Obviously, credit quality continues to be a really good story here, but the reserve ratio did come down kind of a little bit. Can you just give us kind of your general kind of overarching thoughts on credit and maybe how some of your markets in Florida and Texas might do a little bit better, maybe just what gives you confidence, because we have seen others definitely begin to build reserves this quarter? Thanks.

Jerry Plush

Yeah. Sure. Thanks, Michael. It’s Jerry. In terms of how we feel on the reserve process, I guess, first and foremost, with all the improvements that we have seen, right, in the NPL and now the NPA totals, that gives us some confidence.

We did add to the reserve. I would say that half the provision that we did record was eaten up by charge-offs in the quarter. There was definitely a little bit of an uptick and we are keeping an eye on that, on that consumer and direct portfolio. But in terms of the rest of the portfolio, we are continuing to see pretty solid performance across.

I think it’s really important to note, we haven’t talked about that yet on this call, but we will be adopting CECL. And I think, again, you will see, that just naturally because of the economic factors that go into those calculations, you are going to see that we will obviously have an adjustment as the Jan 1 date, right, that comes out of equity, plus there will also be a P&L adjustment that will take place for all the production we booked during the course of the year.

So I would expect, and I think, it’s — I think everyone should expect that, our reserve ratios are going to go up in the fourth quarter, just because of CECL implementation. But in addition, we are going to obviously continue to closely monitor the portfolio.

Carlos Iafigliola

There will be, Mike, on the — I think you a disclosure about the CECL range for day one implementation, which would — you will find that is — it has decreased the range versus the previous quarter as we progress on the implementation.

So now it’s a $15 million to $20 million incremental reserves due to day one implementation. And as Jerry mentioned, there will be other different adjustments based on the production that we have recorded over the year.

Michael Rose

Perfect. That was going to be my — one of my follow-ups. Maybe just switching gears to deposits. Obviously, deposit costs up like everybody. Do you have what the number for interest-bearing costs were at the end of September? And then just more broadly, just given the fact that you guys have a decent chunk of international deposits, can you just talk about any updates or changes to your deposit strategies and move through higher interest rate cycle? Thanks.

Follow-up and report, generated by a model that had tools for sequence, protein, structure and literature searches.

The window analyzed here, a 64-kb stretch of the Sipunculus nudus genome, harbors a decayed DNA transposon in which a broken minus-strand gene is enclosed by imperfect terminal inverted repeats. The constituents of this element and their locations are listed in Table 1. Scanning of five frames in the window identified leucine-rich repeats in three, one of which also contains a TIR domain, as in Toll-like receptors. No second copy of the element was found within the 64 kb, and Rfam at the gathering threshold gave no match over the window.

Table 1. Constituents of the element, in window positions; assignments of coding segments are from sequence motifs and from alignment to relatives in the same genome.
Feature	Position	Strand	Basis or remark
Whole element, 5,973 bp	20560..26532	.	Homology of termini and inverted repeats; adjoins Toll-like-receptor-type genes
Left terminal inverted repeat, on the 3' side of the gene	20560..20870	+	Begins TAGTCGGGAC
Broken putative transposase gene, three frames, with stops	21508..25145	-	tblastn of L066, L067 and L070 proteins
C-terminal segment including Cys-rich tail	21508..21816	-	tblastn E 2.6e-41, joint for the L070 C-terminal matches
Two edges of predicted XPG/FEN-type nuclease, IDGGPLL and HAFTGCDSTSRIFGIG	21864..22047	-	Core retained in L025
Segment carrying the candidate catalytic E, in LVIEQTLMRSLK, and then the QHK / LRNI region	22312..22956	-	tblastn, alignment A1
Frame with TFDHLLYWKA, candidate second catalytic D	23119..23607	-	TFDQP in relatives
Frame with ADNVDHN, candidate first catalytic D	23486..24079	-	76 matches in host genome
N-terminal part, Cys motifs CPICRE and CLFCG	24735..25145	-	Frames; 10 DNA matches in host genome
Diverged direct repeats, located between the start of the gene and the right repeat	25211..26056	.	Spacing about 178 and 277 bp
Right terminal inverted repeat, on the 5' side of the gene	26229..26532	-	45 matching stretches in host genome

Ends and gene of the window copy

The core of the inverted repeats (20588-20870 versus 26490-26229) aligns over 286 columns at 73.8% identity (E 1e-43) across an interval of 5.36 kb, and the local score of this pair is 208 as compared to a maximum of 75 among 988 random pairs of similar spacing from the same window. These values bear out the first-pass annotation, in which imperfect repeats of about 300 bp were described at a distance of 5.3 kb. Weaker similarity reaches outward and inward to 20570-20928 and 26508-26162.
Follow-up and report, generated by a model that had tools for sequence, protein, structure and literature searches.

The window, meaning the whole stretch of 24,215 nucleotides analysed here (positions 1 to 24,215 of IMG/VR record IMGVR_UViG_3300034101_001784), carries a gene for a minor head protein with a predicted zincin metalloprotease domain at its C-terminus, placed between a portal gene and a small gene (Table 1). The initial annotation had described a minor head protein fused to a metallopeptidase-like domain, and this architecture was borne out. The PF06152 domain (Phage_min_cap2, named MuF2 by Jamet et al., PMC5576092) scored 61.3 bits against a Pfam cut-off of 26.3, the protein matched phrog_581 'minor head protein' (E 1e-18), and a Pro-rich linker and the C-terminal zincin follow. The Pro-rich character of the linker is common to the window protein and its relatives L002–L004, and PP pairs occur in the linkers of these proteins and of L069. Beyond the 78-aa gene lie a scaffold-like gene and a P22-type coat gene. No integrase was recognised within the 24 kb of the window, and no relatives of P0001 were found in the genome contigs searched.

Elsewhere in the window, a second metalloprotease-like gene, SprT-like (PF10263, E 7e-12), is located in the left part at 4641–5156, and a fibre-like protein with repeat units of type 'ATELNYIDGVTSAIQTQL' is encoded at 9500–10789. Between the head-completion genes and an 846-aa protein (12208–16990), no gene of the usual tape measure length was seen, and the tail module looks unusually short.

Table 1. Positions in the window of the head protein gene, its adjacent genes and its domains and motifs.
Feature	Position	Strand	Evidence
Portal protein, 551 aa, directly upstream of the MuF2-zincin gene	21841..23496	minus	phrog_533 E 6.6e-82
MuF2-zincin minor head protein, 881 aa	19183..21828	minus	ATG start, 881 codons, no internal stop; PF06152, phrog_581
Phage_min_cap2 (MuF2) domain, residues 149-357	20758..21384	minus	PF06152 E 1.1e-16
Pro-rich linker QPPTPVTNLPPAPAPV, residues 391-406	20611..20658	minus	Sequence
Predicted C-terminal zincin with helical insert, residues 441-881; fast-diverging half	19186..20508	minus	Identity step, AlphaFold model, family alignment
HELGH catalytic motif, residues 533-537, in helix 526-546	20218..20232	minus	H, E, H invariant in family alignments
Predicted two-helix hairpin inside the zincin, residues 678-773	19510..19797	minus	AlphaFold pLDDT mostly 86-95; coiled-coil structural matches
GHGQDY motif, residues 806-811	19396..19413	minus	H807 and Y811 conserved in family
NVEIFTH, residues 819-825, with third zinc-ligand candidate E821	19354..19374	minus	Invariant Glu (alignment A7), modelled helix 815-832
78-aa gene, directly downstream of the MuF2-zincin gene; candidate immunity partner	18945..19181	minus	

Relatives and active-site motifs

Jerry Plush

Yeah. Let me answer the second one first. I think it’s really important to note that the deposit growth from the quarter, really we had contributions from every line of business, a particular note, this reflects the build that we have been doing in the private Bank side. We saw that grow very, very nicely in the quarter. It’s up close to, I believe, it was $75 million in growth just in that segment alone.

And so, people are obviously very focused with all these rate hikes. There’s lots of competitors that have — are offering some pretty strong rates out there. And so, we are navigating through an environment right now, right, or a period of time where you have got national players, as well as local players trying to run offers at fairly high rates to be candid.

And we will as well look for money probably around the 12-month CD range, because I think we want to be somewhat cautious to, A, on the one side, locked money in, but at the same point in time, give ourselves some flexibility given where we don’t want to go too long-term with — and build back up that time deposit book, which I know you are very aware of.

We had a lot of work in 2021, where we basically had a lot of that shift from time deposits over to either non-interest-bearing or interest-bearing alternatives such as money market. So Carlos will give you some comments on the cost, which clearly, I think, it’s safe to say, deposit costs are going up for us, just like they are going up for everyone else.

Carlos Iafigliola

Yeah. I guess it’s important to comment that on the first stages of these interest rate increases, at least that was our case and we believe it’s the case for other institutions. There has been allowances being provided to the different business lines to increase interest rates on certain deposits, the ones that are more interest rate sensitive.